The Atlantic

The Modern Dignity of an Uncontacted Tribe

The documentary Piripkura explores the resolve of indigenous people who persist in the forests of Brazil despite shifting circumstance.
Source: Zeza Filmes / Courtesy of Cinema Libre Studio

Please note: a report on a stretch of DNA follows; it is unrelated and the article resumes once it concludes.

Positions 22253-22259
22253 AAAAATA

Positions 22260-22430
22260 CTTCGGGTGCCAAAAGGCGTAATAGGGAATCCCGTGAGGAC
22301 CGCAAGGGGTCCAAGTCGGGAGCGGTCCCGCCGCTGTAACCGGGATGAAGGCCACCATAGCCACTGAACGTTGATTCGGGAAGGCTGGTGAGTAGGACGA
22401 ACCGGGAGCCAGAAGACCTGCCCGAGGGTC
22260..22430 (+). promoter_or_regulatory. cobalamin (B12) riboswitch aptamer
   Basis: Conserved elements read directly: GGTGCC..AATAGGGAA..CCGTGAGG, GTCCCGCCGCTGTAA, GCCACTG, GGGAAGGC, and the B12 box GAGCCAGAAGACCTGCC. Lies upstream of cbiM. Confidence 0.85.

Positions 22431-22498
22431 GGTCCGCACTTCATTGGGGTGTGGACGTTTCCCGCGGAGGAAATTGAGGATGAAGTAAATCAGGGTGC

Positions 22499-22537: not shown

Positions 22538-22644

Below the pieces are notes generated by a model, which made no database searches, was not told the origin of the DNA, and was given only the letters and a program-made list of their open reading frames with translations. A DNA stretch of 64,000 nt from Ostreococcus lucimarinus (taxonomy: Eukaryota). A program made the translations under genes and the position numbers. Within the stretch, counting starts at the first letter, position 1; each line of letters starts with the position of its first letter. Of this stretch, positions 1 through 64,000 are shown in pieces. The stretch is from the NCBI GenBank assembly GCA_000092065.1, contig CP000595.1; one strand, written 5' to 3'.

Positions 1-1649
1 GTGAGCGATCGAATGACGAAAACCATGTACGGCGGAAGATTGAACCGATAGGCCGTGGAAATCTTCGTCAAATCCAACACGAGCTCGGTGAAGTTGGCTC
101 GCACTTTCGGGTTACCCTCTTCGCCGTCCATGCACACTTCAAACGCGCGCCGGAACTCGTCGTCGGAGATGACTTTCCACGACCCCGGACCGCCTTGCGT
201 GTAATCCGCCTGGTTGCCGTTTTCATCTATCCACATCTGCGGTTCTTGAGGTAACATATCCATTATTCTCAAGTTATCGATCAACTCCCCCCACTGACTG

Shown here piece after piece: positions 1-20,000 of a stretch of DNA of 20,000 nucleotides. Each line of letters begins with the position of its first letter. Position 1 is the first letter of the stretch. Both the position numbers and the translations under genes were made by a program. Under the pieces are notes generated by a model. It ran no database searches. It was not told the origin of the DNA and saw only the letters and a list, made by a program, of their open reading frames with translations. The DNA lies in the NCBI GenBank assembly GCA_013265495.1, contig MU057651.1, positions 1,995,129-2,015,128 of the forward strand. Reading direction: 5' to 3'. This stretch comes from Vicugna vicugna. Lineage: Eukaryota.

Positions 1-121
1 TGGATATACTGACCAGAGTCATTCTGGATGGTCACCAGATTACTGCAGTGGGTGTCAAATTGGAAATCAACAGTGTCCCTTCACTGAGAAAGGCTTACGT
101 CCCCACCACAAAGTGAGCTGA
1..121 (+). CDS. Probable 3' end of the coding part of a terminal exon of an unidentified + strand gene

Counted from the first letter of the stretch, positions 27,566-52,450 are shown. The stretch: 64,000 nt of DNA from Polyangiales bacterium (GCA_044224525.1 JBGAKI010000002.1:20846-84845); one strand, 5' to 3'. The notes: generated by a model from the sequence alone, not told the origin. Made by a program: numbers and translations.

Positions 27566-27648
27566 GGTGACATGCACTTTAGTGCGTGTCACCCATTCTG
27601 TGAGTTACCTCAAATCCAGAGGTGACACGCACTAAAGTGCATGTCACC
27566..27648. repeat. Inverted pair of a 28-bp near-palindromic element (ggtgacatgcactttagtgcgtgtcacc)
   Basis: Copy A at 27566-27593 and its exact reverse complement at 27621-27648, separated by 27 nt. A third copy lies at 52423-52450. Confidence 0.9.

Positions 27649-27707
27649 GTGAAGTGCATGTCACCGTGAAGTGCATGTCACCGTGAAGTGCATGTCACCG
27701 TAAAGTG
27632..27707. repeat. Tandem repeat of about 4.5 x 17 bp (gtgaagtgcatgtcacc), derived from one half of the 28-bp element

By some , there are more than 100 “uncontacted tribes” in Brazil, mostly in the western reaches of the Amazon rainforest. These are indigenous peoples who live beyond the direct control, and sometimes knowledge, of the Brazilian state. Their groups vary in size but are, in many cases, quite small. Researchers from —the Brazilian government agency that upholds indigenous rights— in July of a single man who continues to live on his 8,000 hectare territory by himself. Dubbed “the Man of the Hole” for his practice of digging deep pits, he is the sole survivor of a tiny tribe attacked by ranchers in the 1990s. Little is known about the man himself: not his name, or the name of his vanished people, or the

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